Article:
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OneFifty: Social business in practice

What drives people to actively support a business? To follow it, advocate it, recommend it?

Don’t worry, this isn’t one of those “5 things to learn about building customer champions’ posts. Undoubtedly a superior experience can, on a functional level, elevate a company’s standing with a customer. But on an emotional level, it’s about a mission, a cause, a purpose. And, perhaps, suffering.

Yes, the suffering which goes into creating a business, growing a business, and running a business. The latter sounds counter-intuitive, but has the narrative arc of noble intentions > initial success > setbacks bravely overcome despite darkness > culminating in a happy, reflective ending. It’s one well-trodden by Hollywood and novels alike. Or consider sport: is Lionel Messi’s popularity not at least in some small part due to the seeming improbability of his outrageous talent, when the slight, shy figure stands next to the positively athenian glamour of Cristiano Ronaldo?

No-one can support something unless they feel there was suffering, or challenges in its creation. That goes against conventional B2B marketing, in particular, where the traditional playbook has been the swan method. Seamlessly gliding above the surface, whilst below the waterline feet flap violently.

Now that’s interesting when one considers ‘social business’, which has been a buzzword du jour from 2011 until recently, when it has begun to decline.

That tailing off is doubtless due to its abuse by many, who heralded it as some utopian alternative to conventional business. It was loosely defined but loudly trumpeted by adherents who, unsurprisingly, had job titles which featured it.

But, actually, there is something in a way of doing business which is social at its heart.

  1. In our minds, that means the following:

  2. Building a business premised on solid underlying data insights on the reality of how people behave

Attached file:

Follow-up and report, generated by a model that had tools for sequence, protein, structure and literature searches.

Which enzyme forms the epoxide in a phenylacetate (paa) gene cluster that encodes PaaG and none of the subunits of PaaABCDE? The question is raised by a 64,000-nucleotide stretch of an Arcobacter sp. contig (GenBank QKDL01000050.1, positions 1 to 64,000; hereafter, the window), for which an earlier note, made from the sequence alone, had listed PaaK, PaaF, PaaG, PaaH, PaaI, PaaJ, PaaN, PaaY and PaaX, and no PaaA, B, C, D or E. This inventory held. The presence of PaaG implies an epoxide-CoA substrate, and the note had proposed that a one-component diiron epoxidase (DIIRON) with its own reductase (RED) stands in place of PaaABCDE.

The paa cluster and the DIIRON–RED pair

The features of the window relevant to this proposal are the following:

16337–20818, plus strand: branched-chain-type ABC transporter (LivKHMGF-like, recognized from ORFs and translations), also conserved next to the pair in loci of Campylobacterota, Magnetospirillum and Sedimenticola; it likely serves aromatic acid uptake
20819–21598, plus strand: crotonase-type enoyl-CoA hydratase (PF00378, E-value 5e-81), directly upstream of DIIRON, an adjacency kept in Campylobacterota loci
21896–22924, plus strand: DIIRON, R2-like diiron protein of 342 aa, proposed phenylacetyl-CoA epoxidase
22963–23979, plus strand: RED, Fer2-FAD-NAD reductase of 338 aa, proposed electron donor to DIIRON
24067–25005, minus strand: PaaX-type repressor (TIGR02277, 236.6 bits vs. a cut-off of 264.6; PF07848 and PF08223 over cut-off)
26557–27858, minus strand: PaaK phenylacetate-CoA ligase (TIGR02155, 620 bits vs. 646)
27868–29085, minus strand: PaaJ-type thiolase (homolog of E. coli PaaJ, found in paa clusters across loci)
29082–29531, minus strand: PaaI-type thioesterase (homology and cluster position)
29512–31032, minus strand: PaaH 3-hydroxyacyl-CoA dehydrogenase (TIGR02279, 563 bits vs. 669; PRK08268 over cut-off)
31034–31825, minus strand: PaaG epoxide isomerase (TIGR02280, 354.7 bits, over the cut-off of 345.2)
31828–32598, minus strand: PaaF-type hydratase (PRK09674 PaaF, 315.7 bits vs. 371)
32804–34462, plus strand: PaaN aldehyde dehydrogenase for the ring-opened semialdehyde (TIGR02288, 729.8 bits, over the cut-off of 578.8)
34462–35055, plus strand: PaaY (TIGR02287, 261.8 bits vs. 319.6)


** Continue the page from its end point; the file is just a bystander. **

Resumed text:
3. These behavioural models then allow one to organise your operations to meet those needs, emotions and patterns

  4. Likewise your internal operations – organised around actual patterns of human behaviour, rather than management theories, (which to borrow Thaler, work in the world of perfectly logical ‘Econs’ but not emotional, flesh and blood humans)

  5. Being more open about how we do things – based not on an airy belief in the value of transparency for its own sake (although there is some merit in this), but because:

  6. Reciprocity principle – if we openly give to others the benefits of our experience, we will be rewarded in kind

  7. Accountability – we aim to be excellent and showing ourselves, in all our glory and flaws, allows others to hold us to account (same principle as effective dieting and gym going – as discussed in this week’s Undercover Economist)

So, we’re going to be sharing regularly on this topic. That in our mind, is the essence of social business – to  be more human as an organisation, to discuss our triumphs, but also our challenges. To show our suffering, as we strive to bring together architects of what comes next. Because that’s the way we’ll create real supporters.

Hopefully people like you, reading this.


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